Apartments, even whole houses, are replaceable. So you can move from one city to the next with little apparent effect: the events that happened there and our reactions to them are what mattered.
When we visit an old neighborhood, there is a sort of expectation. We know that we haven’t been there for ten years, we know that our old friends don’t live there anymore, but as we turn the corner, our eyes are prepared for what should not be there: a sort of time-melting effect that takes us back. And it hardly matters if the events were good or truly awful.

Sometimes we wind up dealing with the aftermath of our actions. So it’s emotional cleanup time in aisle 11. I had this problem about twelve years ago. I finally got the courage to revisit the coastal town I had inhabited in another world and time. An entire development had replaced the house on the property overlooking the cove. The fishing pier was now a crowded restaurant, and the 34-foot ketch was no longer swinging insouciantly from her mooring.

All the individuals I had loved, disputed with, and known intimately rested in the little cemetery overlooking the water. I couldn’t go; instead, I later confirmed their locations on the internet. Coward. There had been much angst, anger, and desire. All so hollow and empty now. What had it all been about, anyway?

I knew that memory tends to be like rolling tides smoothing the rocks and moving the sands into new patterns. That’s why years later, all the boiling anger seems so empty. One thing I know about myself is that I rarely leave off. It’s never really goodbye. I hang onto things for years. So I have trouble making real the facts that I’ll never see you again – even if I hate you. I’ll cross the street thirty years from now and see you, just as you were – young.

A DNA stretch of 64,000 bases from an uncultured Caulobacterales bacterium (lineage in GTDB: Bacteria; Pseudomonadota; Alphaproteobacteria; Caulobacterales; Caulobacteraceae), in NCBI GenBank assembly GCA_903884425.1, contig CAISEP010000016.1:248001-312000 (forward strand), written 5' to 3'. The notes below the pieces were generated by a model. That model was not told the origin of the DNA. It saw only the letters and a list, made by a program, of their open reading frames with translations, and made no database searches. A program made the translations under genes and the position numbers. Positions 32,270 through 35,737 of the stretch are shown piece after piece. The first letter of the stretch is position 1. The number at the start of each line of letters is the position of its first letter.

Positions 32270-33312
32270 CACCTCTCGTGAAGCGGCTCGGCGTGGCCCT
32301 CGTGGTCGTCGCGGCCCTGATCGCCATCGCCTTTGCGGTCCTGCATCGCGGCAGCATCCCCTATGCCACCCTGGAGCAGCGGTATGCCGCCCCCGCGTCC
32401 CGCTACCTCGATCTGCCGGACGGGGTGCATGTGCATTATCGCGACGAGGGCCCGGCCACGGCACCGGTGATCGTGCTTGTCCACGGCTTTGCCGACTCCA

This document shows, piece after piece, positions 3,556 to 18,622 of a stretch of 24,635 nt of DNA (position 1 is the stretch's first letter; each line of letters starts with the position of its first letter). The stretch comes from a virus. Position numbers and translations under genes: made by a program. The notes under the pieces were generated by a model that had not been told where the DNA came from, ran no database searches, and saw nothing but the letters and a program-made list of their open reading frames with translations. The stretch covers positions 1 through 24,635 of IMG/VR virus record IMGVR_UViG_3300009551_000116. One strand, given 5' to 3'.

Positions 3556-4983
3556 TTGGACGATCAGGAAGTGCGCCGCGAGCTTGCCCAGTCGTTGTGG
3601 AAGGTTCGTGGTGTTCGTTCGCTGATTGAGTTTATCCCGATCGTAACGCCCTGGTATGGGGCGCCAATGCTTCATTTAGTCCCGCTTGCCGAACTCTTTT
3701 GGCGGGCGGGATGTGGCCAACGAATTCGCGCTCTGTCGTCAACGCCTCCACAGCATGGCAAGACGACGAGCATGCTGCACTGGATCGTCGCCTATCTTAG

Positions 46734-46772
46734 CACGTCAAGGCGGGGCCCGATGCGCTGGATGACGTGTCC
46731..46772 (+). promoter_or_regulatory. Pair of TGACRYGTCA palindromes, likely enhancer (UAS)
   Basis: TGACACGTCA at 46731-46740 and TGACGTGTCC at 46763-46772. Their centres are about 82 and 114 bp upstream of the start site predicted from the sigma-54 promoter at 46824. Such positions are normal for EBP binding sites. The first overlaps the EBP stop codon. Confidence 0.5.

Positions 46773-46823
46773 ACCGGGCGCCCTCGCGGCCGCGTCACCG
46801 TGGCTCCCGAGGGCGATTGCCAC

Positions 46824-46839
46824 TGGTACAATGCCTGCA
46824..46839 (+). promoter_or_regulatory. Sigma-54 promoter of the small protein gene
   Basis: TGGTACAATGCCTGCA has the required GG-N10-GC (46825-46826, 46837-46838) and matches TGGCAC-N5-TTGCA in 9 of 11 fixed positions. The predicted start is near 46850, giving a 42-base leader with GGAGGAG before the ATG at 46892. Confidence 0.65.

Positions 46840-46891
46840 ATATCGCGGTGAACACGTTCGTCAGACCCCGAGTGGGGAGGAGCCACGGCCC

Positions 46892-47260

I avoid going back to old neighborhoods, houses, and lost dreams—full of shadows, reflections, and chimeras.

9 Replies to “Lost”

  1. A lovely poignant piece, and so true! I especially like this thought: “…memory tends to be like rolling tides smoothing the rocks and moving the sands into new patterns.”

  2. They’ve fenced in my old tugs so one’s children can’t go over and touch that mess that looks like misplaced baleen, and the old fishing dock at the end of a once nothing-much alley unless it was home to a scary wino or two, now bears high rise million dollar apartment buildings, all first-floored by waterfront restaurants. All that, of course, is but an illusion. I still catch pollock and ridiculous crabs there and touch the tugs enough for 3 — in my mind, where it counts!

  3. Why is it that development always has to destroy the esthetic people come to enjoy. My oldest began evaluating the towns we visit on the basis of how many restaurants they have built. To many of them, and too few other attractions eventually cause us to cross them off our list of places we like to go. I’ve started imagining an endless chain of eaters eating their way from one end of town to the other – gradually putting on enormous amounts of weight from overeating at dozens of eateries.
    I just have trouble imagining the need for so many eateries, and they displace shops, local galleries, and other small businesses. Basically it’s a sort of reverse food dessert.

  4. I hardly ever go back to places from my past for a visit. Even the places that I loved and had good memories of. I’m not afraid of ghosts, they just make me sad.

    1. Regrettably, I do sometimes see things, but in this case, I had a delivery to make to a customer and had no choice but to make the journey. Sometimes going back is incredibly liberating.

  5. I only ever went back once, to my old student town. It was very disappointing, made me realise that life moves in but one direction.

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